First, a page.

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  • Capital of a column from the audience ha...
    by edwinswagger on May 20, 2016 at 2:26 PM
    668 Views - 0 Comments

    Capital of a column from the audience hall of the palace of Darius I, Susa, c. 510 B.C.E., Achaemenid, Tell of the Apadana, Susa, Iran (Louvre) Speakers: Dr. Steven Zucker & Dr. Beth Harris. Created by Steven Zucker and Beth Harris.

  • Lamassu from the citadel of Sargon II
    by edwinswagger on May 20, 2016 at 1:51 PM
    722 Views - 0 Comments

    Lamassu (winged human-headed bulls possibly lamassu or shedu) from the citadel of Sargon II, Dur Sharrukin (now Khorsabad, Iraq), Neo-Assyrian, c. 720-705 B.C.E., gypseous alabaster, 4.20 x 4.36 x 0.97 m, excavated by P.-E. Botta 1843-44 (Musée du Louvre) Speakers: Dr. Beth Harris and Dr. Steven Zucker IN THE NEWS: Irreplaceable Lamassu sculpture, Assyrian architecture and whole archaeological sites have recently been destroyed by militants that control large areas of Iraq and Syria. This tragedy cannot be undone and is an attack on our shared history and cultural heritage. To learn more: February 27, 2015 New York Times article . Created by Beth Harris and Steven Zucker.

  • Ashurbanipal Hunting Lions (Assyrian)
    by edwinswagger on May 20, 2016 at 1:50 PM
    700 Views - 0 Comments

    Ashurbanipal Hunting Lions, gypsum hall relief from the North Palace, Ninevah, c. 645-635 B.C.E., excavated by H. Rassam beginning in 1853 (British Museum) Speakers: Dr. Steven Zucker & Dr. Beth Harris . Created by Beth Harris and Steven Zucker.

  • The Tower of Babel with British Museum c...
    by edwinswagger on May 20, 2016 at 7:57 AM
    670 Views - 0 Comments

    British Museum curator Irving Finkel © Trustees of the British Museum. Created by British Museum.

  • Ishtar Gate and Processional Way (recons...
    by edwinswagger on May 20, 2016 at 7:56 AM
    642 Views - 0 Comments

    Reconstruction of the Ishtar Gate and Processional Way, Babylon, c. 575 B.C.E., glazed mud brick (Pergamon Museum, Berlin). Created by Beth Harris and Steven Zucker.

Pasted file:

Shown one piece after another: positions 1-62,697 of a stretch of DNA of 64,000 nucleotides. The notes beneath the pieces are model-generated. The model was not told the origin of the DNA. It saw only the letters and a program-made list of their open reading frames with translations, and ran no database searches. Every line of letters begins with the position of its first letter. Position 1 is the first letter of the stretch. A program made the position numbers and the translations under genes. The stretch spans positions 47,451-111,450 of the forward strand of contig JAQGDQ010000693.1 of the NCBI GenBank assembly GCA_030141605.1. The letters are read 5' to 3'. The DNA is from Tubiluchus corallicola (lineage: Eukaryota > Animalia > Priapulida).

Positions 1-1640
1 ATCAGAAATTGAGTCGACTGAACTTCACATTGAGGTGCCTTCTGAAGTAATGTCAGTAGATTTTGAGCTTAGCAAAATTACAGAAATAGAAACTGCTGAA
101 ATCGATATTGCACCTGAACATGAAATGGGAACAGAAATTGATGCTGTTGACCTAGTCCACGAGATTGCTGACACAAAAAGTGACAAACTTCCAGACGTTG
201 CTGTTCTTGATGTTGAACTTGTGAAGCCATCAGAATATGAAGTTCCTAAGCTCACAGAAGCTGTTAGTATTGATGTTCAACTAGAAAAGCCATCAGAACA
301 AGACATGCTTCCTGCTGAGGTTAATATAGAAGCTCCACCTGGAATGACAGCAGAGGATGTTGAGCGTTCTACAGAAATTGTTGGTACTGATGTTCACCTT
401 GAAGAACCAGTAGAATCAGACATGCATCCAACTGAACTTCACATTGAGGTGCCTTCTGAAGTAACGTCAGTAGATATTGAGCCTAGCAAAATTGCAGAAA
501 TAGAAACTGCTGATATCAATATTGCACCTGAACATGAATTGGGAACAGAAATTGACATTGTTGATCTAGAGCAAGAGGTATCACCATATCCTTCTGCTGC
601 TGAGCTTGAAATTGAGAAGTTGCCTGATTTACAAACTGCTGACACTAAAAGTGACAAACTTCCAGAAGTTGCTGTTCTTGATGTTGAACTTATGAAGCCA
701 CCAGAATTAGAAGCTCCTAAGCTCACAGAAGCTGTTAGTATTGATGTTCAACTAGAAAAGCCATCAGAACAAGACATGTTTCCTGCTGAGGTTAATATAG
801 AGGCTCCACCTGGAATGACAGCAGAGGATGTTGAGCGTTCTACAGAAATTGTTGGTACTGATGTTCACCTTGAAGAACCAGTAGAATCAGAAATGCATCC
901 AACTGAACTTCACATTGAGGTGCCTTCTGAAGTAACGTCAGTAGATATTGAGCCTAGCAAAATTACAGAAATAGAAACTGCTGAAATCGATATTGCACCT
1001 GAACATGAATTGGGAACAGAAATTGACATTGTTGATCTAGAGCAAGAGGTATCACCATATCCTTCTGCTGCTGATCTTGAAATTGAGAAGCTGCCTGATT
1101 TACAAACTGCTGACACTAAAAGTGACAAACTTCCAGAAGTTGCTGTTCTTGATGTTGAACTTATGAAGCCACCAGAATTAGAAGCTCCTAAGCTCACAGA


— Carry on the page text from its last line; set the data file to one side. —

• The Code of Hammurabi (Full Text)
    by edwinswagger on May 20, 2016 at 7:30 AM
    679 Views - 0 Comments

    The Code of Hammurabi is a law code of ancient Babylon, set down by King Hammurabi around 1,750 BC. The code survives on several large stele and clay tablets, none of which are fully intact so there are occasional lacunae in the text.

  • Law Code Stele of King Hammurabi, 1792-1...
    by edwinswagger on May 20, 2016 at 7:29 AM
    676 Views - 0 Comments

    Law Code Stele of King Hammurabi, basalt, Babylonian, 1792-1750 B.C.E. (Musée du Louvre, Paris) A stele is a vertical stone monument or marker often inscribed with text or with relief carving. Speakers: Dr. Beth Harris and Dr. Steven Zucker. Created by Beth Harris and Steven Zucker.

  • The Babylonian mind
    by edwinswagger on May 20, 2016 at 7:20 AM
    655 Views - 0 Comments

    race the legacy of Babylonian discoveries and ideas, including their mathematical system based on 60 and their desire to predict the future. With British Museum curator Irving Finkel. © Trustees of the British Museum. Created by British Museum.

  • Visiting Babylon
    by edwinswagger on May 20, 2016 at 7:04 AM
    650 Views - 0 Comments

    A conversation with Lisa Ackerman, World Monuments Fund, and Beth Harris, Smarthistory. Created by Beth Harris and Steven Zucker.

  • Cylinder seal and modern impression: nud...
    by edwinswagger on May 20, 2016 at 6:56 AM
    592 Views - 0 Comments

    Met curator Yelena Rakic on reading into Cylinder seal and modern impression: nude bearded hero wrestling with a water buffalo; bull-man wrestling with lion from Mesopotamia, c. 2250?2150 B.C.E. View this work on metmuseum.org. Are you an educator? Here's a related lesson plan. For additional educator resources from The Metropolitan Museum of Art, try this and also visit Find an Educator Resource. Created by The Metropolitan Museum of Art.

  • Victory Stele of Naram-Sin, 2254-2218 B....
    by edwinswagger on May 20, 2016 at 6:53 AM
    652 Views - 0 Comments

    Victory Stele of Naram-Sin, 2254-2218 B.C.E.

  • Royal Tombs of Ur
    by edwinswagger on May 19, 2016 at 8:36 PM
    622 Views - 0 Comments

    The late 1920s excavation of royal tombs at Ur, in southern Iraq, provided one of the most renowned discoveries in the history of archaeology. Extravagant jewelry of gold, lapis-lazuli, and carnelian, cups of gold and silver, and extraordinary objects of art and culture were among the Mesopotamian treasures uncovered by renowned British archaeologist C. Leonard Woolley in a joint expedition by the British Museum and Penn Museum. The remarkable tombs opened the world's eyes to the full glory of ancient Sumerian culture (2600-2500 B.C.) at its zenith.


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